The last time Merik Thompson was lying in his own bed, he had two legs. Now he had a wheelchair propped in the corner, a bunch of pills that didn't take away the pain, and a stump. And one other thing: all the determination that a 17-year-old can muster.
It was the end of May, and Merik had been home for a day. That was after the 11 surgeries and 35 days at Bayfront Medical Center that followed the freak dirt bike accident that took his left leg. So much had happened, but he was sure of one thing: Nothing would change.
"I'm going to have a prosthetic leg, and I'm going to do all the same things,'' he said.
It began one day in April. Merik hadn't done much dirt biking. A junior at Gibbs High School, Merik had other passions: four-wheeling, inline skating and paint ball. He didn't play school sports, but Merik was athletic. At 5-foot-10 and 195 pounds, he could bench press nearly 400 pounds.
But when a friend suggested a trip to a motocross track in Ocala, Merik agreed to go.
After a few times around the track, Merik had had enough. The jumps were bigger than he expected. He was getting tired. The next jump would be his last.
He hit it too fast. Thirty or 40 feet off the ground, Merik came off the bike.
All he could do was push the bike away so it didn't crush him, and try to land upright.
Merik landed on his feet, breaking his left leg. His first thought was that he'd be hit by bikes behind him, and he rolled off the track.
He was taken to an Ocala hospital and then to Bayfront Medical Center, where doctors put plates and pins in his shattered left leg.
At first they hoped to save the limb, but the next day, the leg became more swollen, and Merik couldn't feel or move his toes, said Dr. William Lowry, the orthopedic surgeon.
Merik's leg kept swelling, forcing doctors to cut it open, desperately trying to keep pressure from the swelling from blocking blood flow to his muscles.
Then infection developed.
Both swelling and infection can kill tissue. In Merik's leg, it was hard to tell which did more damage.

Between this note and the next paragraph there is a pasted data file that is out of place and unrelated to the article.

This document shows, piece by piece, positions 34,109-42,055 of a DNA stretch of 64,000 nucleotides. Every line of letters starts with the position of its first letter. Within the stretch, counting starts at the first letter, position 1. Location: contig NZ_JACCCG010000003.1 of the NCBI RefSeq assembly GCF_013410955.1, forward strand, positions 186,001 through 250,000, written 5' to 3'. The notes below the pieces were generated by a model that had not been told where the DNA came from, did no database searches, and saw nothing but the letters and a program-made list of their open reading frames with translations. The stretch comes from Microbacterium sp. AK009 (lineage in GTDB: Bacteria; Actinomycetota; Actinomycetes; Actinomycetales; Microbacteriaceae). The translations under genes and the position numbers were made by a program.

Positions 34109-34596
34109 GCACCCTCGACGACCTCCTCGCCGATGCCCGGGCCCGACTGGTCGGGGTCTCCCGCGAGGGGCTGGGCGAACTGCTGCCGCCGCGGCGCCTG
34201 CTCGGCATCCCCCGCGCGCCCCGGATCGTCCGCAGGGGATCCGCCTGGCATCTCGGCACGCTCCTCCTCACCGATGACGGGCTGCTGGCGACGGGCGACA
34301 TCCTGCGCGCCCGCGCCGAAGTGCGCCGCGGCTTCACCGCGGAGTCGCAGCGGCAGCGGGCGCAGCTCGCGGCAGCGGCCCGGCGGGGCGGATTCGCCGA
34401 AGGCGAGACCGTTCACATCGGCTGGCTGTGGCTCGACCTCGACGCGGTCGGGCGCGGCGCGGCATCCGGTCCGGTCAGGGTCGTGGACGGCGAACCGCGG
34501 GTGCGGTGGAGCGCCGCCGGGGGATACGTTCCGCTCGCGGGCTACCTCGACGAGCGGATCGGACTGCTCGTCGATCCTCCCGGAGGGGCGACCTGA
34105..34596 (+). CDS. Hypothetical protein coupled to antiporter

"You can't separate one from the other," Lowry said.
Within a few days, muscles in Merik's lower leg and foot began to die. Lowry told the family he had no choice but to amputate the left leg below the knee.
Merik's father cried when Lowry broke the news. Merik told him to be strong. They'd get through it.
The amputation still bothers Lowry, who recently performed minor knee surgery on Gov. Charlie Crist.
"I like good results," Lowry said with a sigh. "I think the injury was much more severe than the (initial) X-ray really depicted, with soft-tissue damage."
Merik's family has hired a lawyer. His parents say he shouldn't have been allowed to ride without their permission at Hard Rock Cycle Park and that the track was too dangerous for inexpert bikers.
"The jumps keep getting higher," said Merik's attorney, Tom Parnell. "The risks are getting outrageous. The basic set-ups for these tracks and courses, they're asking for injuries."
Hard Rock owners didn't return calls for comment.
In the hospital, Merik was just trying to get well. One of his first visitors after the amputation was Bill Copeland, owner of Copeland Prosthetics in Tampa.
As Copeland talked about artificial limbs with Merik and his family, he showed them something: Copeland wore a prosthesis, too. He lost his left leg in a railway accident 30 years ago.
Merik's father, Butch Thompson, was impressed. He had never met an amputee. Copeland walked easily. He could jump, kick, climb stairs.
"You would never know," Thompson marveled.
Merik had found a role model.
The leg Copeland made for him would involve a technique he started using a few years ago. The patient's leg is covered in a silicone liner. Then the patient puts the leg on and uses a pump to create a vacuum.
The vacuum seal is stronger and more comfortable than older prosthetics, Copeland said. The liner helps create a tight seal that would irritate bare skin.
When Merik arrived at Copeland's office last week, Copeland was full of warnings:
Don't push it. Use crutches to support part of your weight at first. Start by wearing the prosthesis for short periods. Watch for blisters.
Merik stood up quietly. He didn't cry or cheer. He just walked across the room.
Copeland kneeled to adjust the prosthesis a few times. Merik walked a little more.
Then he stopped and smiled.
"I feel like I can walk out of here," he said.
Lisa Greene can be reached at firstname.lastname@example.org or (813) 226-3322.